How Music Therapy Helped a Girl Who Was Deaf Blind with Down Syndrome
Avery was a spirited, curious, delightful ball of energy. She loved to explore the world around her and feel things with her hands–at least for a split second before throwing an object across the room to give it the thrill of flight. Avery was blind, deaf, and had Down syndrome and Autism.
Despite her physical and learning differences, inside of her was a beautiful spark. A desire to connect, to feel significance and belonging, even if she was not sure how. She couldn’t see, couldn’t hear, and she relied on other people to help her make sense of her environment.
But just like any child, she found joy in exploring things in her own way and not always as someone else showed her.
Because really, don’t we all need to find our own way?
This presented a unique challenge for Avery. Because she could not see or hear, she was unaware of hazards if she took off down the street–and yet she knew she wanted to go somewhere. She didn’t realize that when she threw a stick across the room that it might hit someone else. And she didn’t understand that when she pushed over filling cabinets that it was a bit of a safety hazard.
All she knew was that she liked the feeling of moving freely, of sending things flying through the air, and the satisfaction of pushing something heavy and the release of it falling away. She didn’t know where it ended up (because she couldn’t see or hear), she just knew it felt good to have control over something. It felt good. It made her laugh. It brought out her contagious smile.
You can see how this would be a challenge.
And so, as a music therapist, I determined to help her find a solution. I understood that Avery had unique sensory needs due to her vision and hearing impairments, as well as a result of having Autism. So I set out to find a way to refocus her sensory need to throw and learn to create musical vibration instead.
What We Did in Music Therapy
We started with a large bass drum. My intent with choosing the drum was that it was nearly impossible for her to throw. She would try to push it away at times, but we sat with the drum straddled between the two of us and held it in place. I played a steady rhythm so Avery could feel the vibration on her legs, and helped her place her hand on the drum head to feel the pulse.
Her reactions were mixed. Some days she loved keeping her hand on the drum while others she pushed it away. When she was adamant about pushing it away I got out the autoharp. She loved (some days!) to place her hands on the strings and feel the tickle of vibration while I strummed.
So between the bass drum and the autoharp we began to safely explore the physical sensation of vibration. I would often sing children’s songs while she felt the vibration, and she would laugh and vocalize with a low hum, creating vibration in her own body. Either she could sense the vibration of my voice and wanted to sing along, or she was joining with the vibration of the drum. Either way, the music was growing within her and she was letting it out!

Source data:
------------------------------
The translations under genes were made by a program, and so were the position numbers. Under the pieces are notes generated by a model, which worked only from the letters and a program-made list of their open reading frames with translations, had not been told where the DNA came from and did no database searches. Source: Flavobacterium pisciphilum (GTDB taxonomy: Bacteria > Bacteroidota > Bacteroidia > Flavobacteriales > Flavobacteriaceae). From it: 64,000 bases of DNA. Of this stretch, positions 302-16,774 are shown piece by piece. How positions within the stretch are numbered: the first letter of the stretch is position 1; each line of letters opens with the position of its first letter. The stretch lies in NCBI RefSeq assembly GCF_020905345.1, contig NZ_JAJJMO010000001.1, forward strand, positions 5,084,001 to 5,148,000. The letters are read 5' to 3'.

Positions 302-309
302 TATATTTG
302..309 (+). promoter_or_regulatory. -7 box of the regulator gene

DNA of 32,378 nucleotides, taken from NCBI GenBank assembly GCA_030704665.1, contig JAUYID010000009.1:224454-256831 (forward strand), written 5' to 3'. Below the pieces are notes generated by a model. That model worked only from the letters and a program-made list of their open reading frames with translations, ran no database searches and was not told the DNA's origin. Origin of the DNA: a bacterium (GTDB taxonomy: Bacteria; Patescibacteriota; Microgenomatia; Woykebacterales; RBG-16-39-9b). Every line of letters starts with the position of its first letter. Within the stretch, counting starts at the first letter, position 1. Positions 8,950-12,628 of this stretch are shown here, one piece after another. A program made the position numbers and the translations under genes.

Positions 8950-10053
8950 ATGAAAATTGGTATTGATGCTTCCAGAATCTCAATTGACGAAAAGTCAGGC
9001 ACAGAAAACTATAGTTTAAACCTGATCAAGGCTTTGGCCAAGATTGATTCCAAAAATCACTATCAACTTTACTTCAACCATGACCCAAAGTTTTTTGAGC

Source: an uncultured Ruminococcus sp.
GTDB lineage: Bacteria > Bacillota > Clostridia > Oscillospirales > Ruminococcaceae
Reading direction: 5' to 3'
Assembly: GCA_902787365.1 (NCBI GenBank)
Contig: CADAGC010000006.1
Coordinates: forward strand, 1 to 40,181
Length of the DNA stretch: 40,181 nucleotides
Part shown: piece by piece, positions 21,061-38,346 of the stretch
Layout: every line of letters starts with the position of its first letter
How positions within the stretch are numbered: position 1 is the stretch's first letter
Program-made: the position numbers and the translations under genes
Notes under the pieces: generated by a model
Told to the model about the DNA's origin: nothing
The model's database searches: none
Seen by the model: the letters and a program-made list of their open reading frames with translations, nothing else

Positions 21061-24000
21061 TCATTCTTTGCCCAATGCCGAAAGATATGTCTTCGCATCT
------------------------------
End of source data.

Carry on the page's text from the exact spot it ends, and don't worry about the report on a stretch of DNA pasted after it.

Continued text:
Over time I gave her a mallet to play the drum along with me. Knowing she would probably throw it, I held her hands over the mallet and helped her feel around all of the bumps and textures so she knew what she was holding, then moved her hands to help her use it to strike the drum. We hit the drum together several times and she laughed with delight. I let go of her hands and sure enough, she played two more times, then shoooom, the mallet went sailing across the room, followed by a fit of laughter.
I gave her another (I kept a pile next to me when I worked with her). We went through the same process. Learn, play, throw/duck. Learn, play, throw/duck. Then I gathered the scattered mallets and started over again.
Throwing had become such a habit that it was hard to break. But over time, as she realized that she had other power over her environment, and that she could make music instead of throwing objects, she gained interest and began to replace her habit.
Over several months of working together, Avery began to enjoy making music and feeling the pulse of vibration more than throwing. When she was done playing, she sometimes still threw the mallet, but often she set it next to her, showing more understanding and less need for the sensory thrill of throwing. There were times that she held the mallet for 10 minutes at a time and played along with me, joining in the opportunity to connect and share delightful and meaningful experiences with music.
The music filled her sensory need. It reached her emotions. It connected her to me and helped her develop a trusted relationship.
The results also spread into her classroom and home. Her teachers and parents saw a significant change in her interest in toys and ability to play with them, her interest in other people, and her overall happiness. She also used her voice more often in attempts to express herself and communicate, and even explored with rhythmic vocal sounds to entertain herself at times.
Music therapy brought out music within Avery. It increased her interest in the world, it connected her to other people through rhythm, helped her make sense of her surroundings, and gave her an outlet for the intense desires within her to express herself and connect in meaningful ways.
We laughed together, played together, and made music.
Which is pretty amazing for a little girl who couldn’t see or hear.